The Lost World: A Classic Sixties SF Blockbuster

The Lost World: A Classic Sixties SF Blockbuster

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The Lost World (1960)
Directed by Irwin Allen

The shorthand version of this review is that The Lost World was directed, co-written and co-produced by Irwin Allen. If you know anything about Allen, who had something of a lock on science fiction TV in the Sixties, you’d probably have a pretty good idea of what to expect. It’s not outstanding production values, award-winning scripts and stellar acting.

To give some perspective, The Lost World was released a year before Allen’s Voyage to the Bottom of the Sea came to the big screen and a few years before the latter as made into a TV show. A show that was followed by in quick succession by other Allen productions, such as Lost in Space, The Time Tunnel, and Land of the Giants. While I didn’t find The Lost World to be a very “good” movie, I thought it was an entertaining example of a blockbuster SF/adventure movie from this era.

The Lost World, by Arthur Conan Doyle, was published in 1912 and was one of many works of fiction he wrote that weren’t about Sherlock Holmes. I haven’t read it so I can’t speak to the differences between the book and this movie adaptation. But the book inspired a silent movie a little over a decade after its publication, and four more cinematic versions followed. Allen’s was the second adaptation. There was also a TV series that ran for three seasons around the turn of this century.

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The story is a simple enough one — adventurers find a lost world populated with dinosaurs and primitive peoples. As it gets underway, the irascible Professor Challenger — who is prone to thrashing people with his umbrella — announces to the London Zoological Society that he has indeed found a lost world. One of the top men in the society is skeptical, as are many others, and so Challenger challenges audience members to join up with him and go to the Amazon to sort it all out.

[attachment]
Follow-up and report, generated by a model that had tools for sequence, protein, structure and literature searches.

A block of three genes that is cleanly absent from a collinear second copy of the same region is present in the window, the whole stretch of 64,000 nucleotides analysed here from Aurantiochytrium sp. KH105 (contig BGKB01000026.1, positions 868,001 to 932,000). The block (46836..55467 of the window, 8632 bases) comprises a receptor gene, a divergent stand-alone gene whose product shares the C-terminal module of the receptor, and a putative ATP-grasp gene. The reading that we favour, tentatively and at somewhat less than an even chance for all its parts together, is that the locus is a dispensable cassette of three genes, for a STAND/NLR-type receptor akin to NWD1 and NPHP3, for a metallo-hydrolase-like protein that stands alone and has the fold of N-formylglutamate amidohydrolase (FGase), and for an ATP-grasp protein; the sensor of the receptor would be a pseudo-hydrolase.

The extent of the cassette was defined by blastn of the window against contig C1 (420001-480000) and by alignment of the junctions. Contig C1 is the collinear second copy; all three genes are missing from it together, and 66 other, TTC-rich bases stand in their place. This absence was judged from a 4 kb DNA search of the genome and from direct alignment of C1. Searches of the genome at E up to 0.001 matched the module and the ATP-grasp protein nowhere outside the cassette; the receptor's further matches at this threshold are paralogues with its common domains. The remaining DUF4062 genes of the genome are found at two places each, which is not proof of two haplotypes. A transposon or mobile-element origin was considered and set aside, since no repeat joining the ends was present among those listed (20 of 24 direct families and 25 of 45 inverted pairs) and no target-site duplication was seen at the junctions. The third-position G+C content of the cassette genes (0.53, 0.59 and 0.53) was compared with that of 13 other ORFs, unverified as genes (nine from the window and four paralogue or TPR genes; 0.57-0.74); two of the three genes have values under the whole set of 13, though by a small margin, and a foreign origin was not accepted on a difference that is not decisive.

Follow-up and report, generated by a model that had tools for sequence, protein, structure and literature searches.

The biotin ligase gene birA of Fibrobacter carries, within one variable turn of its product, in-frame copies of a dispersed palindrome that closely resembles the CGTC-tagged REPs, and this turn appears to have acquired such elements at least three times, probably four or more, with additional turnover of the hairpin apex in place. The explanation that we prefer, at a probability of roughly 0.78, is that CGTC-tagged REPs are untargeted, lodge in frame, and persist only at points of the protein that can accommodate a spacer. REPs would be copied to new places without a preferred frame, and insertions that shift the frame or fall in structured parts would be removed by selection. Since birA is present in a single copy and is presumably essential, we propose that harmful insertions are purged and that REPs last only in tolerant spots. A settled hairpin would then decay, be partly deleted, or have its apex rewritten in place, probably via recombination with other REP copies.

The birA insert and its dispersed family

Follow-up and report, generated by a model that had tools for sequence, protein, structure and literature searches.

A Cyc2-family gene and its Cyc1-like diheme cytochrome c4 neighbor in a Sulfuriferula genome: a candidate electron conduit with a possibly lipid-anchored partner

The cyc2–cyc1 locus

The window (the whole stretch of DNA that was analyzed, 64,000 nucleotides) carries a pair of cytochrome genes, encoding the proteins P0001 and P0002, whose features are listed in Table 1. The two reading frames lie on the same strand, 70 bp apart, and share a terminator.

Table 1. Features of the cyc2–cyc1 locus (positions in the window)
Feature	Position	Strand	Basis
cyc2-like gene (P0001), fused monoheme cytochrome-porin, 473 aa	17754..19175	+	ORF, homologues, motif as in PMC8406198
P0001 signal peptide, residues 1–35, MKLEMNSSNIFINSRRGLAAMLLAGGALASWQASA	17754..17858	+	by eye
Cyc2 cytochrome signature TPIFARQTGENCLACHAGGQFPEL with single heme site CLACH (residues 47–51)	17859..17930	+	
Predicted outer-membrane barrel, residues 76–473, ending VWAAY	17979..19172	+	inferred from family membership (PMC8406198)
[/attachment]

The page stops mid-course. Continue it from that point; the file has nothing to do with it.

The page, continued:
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Not surprisingly, several audience members are able to cash in their lost world leave at work and drop everything for the next few months to pop off to South America. The motley crew includes the Professor and his rival, a big game hunter, a reporter, and the daughter of the owner of the newspaper that he works for — who turns up with her poodle and brother.

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Also on hand, at the other end, a helicopter pilot and his assistant. When the former is not helicoptering people around he’s invariably playing guitar and looking sultry — because that’s what those Latin types do, of course. His assistant’s role here is that of the scaredy cat, who responds to even the most insignificant peril in an exaggerated, cartoonish manner.

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Upon arriving at the lost world the plot unfolds in a straightforward manner. The group is menaced by various dinosaurs that look suspiciously like enlarged lizards (they are). There’s a dinosaur fight, which is mandated by various state, federal and international statutes regulating dinosaur movies.

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And there are those primitive peoples. Many of whom could almost sort of kind of pass for genuine primitives, except for the first one who appears on the scene. She looks more like a Sixties-era beauty queen, with a revealing Sheena-type outfit to match. And false eyelashes, if I’m not mistaken.

It’s all pretty hokey stuff, the pacing is sluggish until late in the movie and the effects are downright lame — especially that giant green spider.

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But as I’ve noted already, even though it wasn’t much of a movie it had the nostalgic appeal that one of Allen’s Sixties SF TV shows still provide. If you can stand the leisurely pace and put your brain on hold, it’s not so bad.

William I. Lengeman III’s last article for us was Part IV of his Star Trek Movie Rewatch, Star Trek Into Darkness. He holds forth at

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